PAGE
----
Unions that fall under the umbrella of the National Congress of Trade Unions of the Bahamas (NCTUB) are in support of government’s proposed National Health Insurance scheme and the two per cent payment of one’s salary to fund the initiative.
NCTUB President, Bernard Evans, in an interview with Eyewitness News, said the union is backing the plan but he believes that an increase in value-added tax (VAT), coupled with the lack of salary increases, has soured the plan in the minds of many.
“Unfortunately, we have a bad taste in our mouths because of the VAT increase, but the plan is a good one that we feel though, still has to be negotiated on how it will be funded.”
Evans, who represents a significant per cent of the labour force said the plan is one of a shared responsibility that all must contribute to.
“We are now paying premiums for medical coverage now so we don’t want a watered-down version,” he said. “Two per cent is not that bad.”
Evans noted that presently many union members already have some form of health coverage with their employees and dropping that coverage to replace it with NHI is not being considered.
“You can’t trade off full coverage for something that you are paying for, so out of the premium being paid by employers we recommend that the two per cent will come from that,” Evans said.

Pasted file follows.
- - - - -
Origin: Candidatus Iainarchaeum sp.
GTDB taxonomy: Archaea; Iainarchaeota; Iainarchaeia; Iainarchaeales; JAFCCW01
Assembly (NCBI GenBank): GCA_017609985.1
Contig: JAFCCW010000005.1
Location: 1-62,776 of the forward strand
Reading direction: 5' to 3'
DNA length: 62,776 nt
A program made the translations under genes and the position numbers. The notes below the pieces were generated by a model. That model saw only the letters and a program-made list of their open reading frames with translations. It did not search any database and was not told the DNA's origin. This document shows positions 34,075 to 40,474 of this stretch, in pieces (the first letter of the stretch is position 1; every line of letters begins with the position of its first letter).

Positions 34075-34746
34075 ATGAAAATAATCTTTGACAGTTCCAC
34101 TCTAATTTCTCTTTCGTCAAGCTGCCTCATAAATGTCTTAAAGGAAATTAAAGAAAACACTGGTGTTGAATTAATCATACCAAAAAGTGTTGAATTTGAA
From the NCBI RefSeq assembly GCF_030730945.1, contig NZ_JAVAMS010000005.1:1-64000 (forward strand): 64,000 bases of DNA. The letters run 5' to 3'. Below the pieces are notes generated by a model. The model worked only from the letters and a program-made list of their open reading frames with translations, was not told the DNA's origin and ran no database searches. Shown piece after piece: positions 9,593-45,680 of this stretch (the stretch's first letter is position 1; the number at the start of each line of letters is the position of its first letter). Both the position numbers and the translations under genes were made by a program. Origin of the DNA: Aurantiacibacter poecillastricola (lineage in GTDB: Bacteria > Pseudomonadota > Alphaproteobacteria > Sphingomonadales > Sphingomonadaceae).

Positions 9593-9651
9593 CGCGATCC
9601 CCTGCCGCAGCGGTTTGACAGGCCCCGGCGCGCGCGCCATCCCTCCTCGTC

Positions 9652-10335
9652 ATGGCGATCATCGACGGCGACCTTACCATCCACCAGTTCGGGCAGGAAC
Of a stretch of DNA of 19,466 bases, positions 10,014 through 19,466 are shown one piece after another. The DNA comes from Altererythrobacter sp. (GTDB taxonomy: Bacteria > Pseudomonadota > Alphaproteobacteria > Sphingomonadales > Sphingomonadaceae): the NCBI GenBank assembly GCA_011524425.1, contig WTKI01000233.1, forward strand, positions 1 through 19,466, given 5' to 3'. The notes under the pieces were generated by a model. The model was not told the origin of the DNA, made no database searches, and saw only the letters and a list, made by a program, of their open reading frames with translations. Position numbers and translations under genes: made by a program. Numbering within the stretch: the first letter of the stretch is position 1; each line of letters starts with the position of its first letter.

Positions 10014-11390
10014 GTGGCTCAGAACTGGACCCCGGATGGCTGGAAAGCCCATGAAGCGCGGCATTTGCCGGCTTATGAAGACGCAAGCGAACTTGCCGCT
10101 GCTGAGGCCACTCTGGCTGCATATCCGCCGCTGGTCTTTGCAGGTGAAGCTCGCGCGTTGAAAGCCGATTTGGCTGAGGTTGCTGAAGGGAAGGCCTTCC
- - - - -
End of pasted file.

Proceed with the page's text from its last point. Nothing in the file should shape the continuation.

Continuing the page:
The plan, he explained, is expected to be phased in with persons earning a minimum wage not contributing at all as well as companies employing less than 50 persons.
It is hoped that by the time the plan is rolled out in 2020, the economy will be in a better position, Evans said.
“By that time, hopefully, persons would have had a chance to look at the minimum wage and make it a livable wage, and for many who can’t afford it we hope to have it staved off as much as possible, and at the end of the day realize that it is a good plan, but we will have to pay for it.”
Evans’ views were also supported by President of the Bahamas Electrical Workers Union (BEWU), Paul Maynard. He said that the plan is good “on paper” but the logistics of payment must be worked out. He also supports the sin tax on food products which are considered to be unhealthy.
“The sugary situation is not a good thing. Our children are getting fat, we can’t allow this to happen, so you have to come down on them.”
Freddy Munnings, Jr. of the Trade Union Congress (TUC) is also lobbying for NHI but said that consultation is paramount before implementation.
“We support the concept but there has to be ongoing discussions. They have to include labour in this and not carry it out arbitrarily,” Munnings said.